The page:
Technology is ever-changing and evolving. But in order for it to make a positive impact in the future, everyone must have a seat at the table, regardless of gender, perspective, or expertise.
What does a typical day look like?
It is never the same day twice. Because people, their relationships and journeys in transformations are so unique, each day is different. To help people adopt new ways of working, I have to be more empathetic and conversational some days, while others require me to be more creative and influential. The concept is about helping people to help themselves; they usually know the answers; it's just about helping uncover them.
What is a memorable moment in your career so far?
Oh, that's a tough question; there are so many to choose from.
The one I am most fond of was when I remotely coached a team who were quite immature and often seen as the ugly stepchild who would not meet expectations. I facilitated a few workshops and learning sessions that required them to be vulnerable and open themselves up to one another about their skills, fears, worries, doubts, strengths, weaknesses, and aspirations.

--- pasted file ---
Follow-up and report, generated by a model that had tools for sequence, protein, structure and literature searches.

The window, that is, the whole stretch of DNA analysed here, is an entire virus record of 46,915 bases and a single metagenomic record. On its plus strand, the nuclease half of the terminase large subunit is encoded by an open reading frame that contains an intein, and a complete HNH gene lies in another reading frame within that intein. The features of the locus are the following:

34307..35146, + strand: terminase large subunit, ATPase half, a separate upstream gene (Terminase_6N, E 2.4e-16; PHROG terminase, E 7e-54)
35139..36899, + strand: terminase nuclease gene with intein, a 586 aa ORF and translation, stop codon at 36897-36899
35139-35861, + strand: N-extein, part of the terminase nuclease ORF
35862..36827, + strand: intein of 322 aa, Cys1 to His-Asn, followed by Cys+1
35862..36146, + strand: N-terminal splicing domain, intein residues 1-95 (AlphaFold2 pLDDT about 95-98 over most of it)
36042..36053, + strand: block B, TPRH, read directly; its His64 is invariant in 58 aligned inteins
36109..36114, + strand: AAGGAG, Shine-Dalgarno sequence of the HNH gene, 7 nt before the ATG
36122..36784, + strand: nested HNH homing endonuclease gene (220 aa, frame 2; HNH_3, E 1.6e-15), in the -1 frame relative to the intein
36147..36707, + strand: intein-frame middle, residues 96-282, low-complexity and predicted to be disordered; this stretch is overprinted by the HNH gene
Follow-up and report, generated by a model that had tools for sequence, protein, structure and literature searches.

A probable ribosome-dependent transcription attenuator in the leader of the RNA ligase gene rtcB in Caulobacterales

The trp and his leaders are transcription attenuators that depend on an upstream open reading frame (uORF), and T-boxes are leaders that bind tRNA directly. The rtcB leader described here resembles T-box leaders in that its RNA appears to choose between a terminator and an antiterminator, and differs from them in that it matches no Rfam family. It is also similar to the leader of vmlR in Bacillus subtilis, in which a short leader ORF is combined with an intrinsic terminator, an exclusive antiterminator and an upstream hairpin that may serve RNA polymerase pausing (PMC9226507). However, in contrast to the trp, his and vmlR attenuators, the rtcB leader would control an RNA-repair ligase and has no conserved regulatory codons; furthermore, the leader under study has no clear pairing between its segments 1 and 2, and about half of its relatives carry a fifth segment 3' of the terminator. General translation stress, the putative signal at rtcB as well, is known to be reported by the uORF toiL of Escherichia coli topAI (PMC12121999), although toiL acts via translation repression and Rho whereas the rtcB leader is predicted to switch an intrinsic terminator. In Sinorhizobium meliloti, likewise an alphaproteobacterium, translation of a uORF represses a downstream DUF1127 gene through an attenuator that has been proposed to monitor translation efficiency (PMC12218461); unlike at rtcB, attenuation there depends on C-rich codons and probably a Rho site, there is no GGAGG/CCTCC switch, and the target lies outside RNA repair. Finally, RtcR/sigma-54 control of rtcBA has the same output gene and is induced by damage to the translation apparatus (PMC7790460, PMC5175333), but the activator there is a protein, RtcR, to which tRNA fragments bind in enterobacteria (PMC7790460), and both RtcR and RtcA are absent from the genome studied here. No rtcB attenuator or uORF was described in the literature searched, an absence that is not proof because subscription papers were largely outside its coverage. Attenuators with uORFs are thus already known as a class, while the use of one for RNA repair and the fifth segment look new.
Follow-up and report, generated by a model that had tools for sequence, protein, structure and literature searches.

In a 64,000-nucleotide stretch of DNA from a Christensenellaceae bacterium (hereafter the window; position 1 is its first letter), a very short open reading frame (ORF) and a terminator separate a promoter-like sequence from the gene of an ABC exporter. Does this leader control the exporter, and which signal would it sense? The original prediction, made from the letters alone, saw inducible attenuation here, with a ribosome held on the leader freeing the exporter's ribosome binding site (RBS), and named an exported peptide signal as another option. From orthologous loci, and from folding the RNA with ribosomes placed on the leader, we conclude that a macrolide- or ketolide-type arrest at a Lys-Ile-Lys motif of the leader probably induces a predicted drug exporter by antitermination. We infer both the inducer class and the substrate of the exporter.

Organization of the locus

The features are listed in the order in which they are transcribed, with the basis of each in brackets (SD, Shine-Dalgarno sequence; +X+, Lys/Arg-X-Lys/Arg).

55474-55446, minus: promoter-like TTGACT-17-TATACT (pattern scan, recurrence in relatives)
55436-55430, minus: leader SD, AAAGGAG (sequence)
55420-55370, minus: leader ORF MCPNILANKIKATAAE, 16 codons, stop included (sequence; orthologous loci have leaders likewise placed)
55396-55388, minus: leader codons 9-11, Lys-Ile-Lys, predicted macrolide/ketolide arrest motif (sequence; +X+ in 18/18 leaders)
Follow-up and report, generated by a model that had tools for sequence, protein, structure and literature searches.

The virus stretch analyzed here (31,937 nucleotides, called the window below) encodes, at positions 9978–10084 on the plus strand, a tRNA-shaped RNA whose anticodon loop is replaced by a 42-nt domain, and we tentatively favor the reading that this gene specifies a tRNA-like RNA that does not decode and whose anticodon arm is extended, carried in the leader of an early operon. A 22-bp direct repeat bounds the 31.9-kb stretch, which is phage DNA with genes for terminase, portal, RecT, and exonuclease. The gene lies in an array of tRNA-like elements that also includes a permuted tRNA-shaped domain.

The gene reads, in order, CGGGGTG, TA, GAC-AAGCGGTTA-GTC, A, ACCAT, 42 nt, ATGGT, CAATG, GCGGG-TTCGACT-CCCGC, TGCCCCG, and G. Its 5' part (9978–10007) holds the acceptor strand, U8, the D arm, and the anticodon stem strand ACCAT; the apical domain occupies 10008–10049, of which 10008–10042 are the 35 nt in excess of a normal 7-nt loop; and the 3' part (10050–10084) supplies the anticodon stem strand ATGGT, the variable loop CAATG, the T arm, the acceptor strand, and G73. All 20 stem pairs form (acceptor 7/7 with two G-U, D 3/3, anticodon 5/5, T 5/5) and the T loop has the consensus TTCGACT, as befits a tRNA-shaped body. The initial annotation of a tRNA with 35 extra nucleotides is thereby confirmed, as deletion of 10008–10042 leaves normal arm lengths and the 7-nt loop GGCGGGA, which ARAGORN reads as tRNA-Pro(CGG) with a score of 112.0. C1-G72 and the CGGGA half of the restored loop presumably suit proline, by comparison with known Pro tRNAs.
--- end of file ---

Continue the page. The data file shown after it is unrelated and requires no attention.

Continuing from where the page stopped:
It was difficult, but with time and a lot of uncomfortable spaces, they opened up with one another and to the coaching journey. In such a short time, they built themselves up and created a sense of community, belonging and drive to overcome all their challenges. To be a part of such a phenomenal experience was truly humbling.
What's the worst part of your job?
Dealing with people who are fixated on certain ways of doing things and refuse to consider others' perspectives and suggestions or take responsibility for negatively impacting people's lives.
It takes a lot of energy to work with these people daily and help them find "the light." But it is part of their journey, and I enjoy the challenge because it can be very rewarding. It is a hard pill to swallow when you have to accept that you cannot win them all.
And the best?
When I walk away from a team or individual knowing they can do it on their own, are no longer dependent upon me, and will spread their awesomeness along the way to truly pay it forward.
What do you want to do next with your career?
I would love to get more involved within the Agile Human Resources (HR) space. I really believe that if we can impact business areas that play a significant role in organisations' operations, we can start to put people at the top of the agenda and shift the focus in a meaningful way.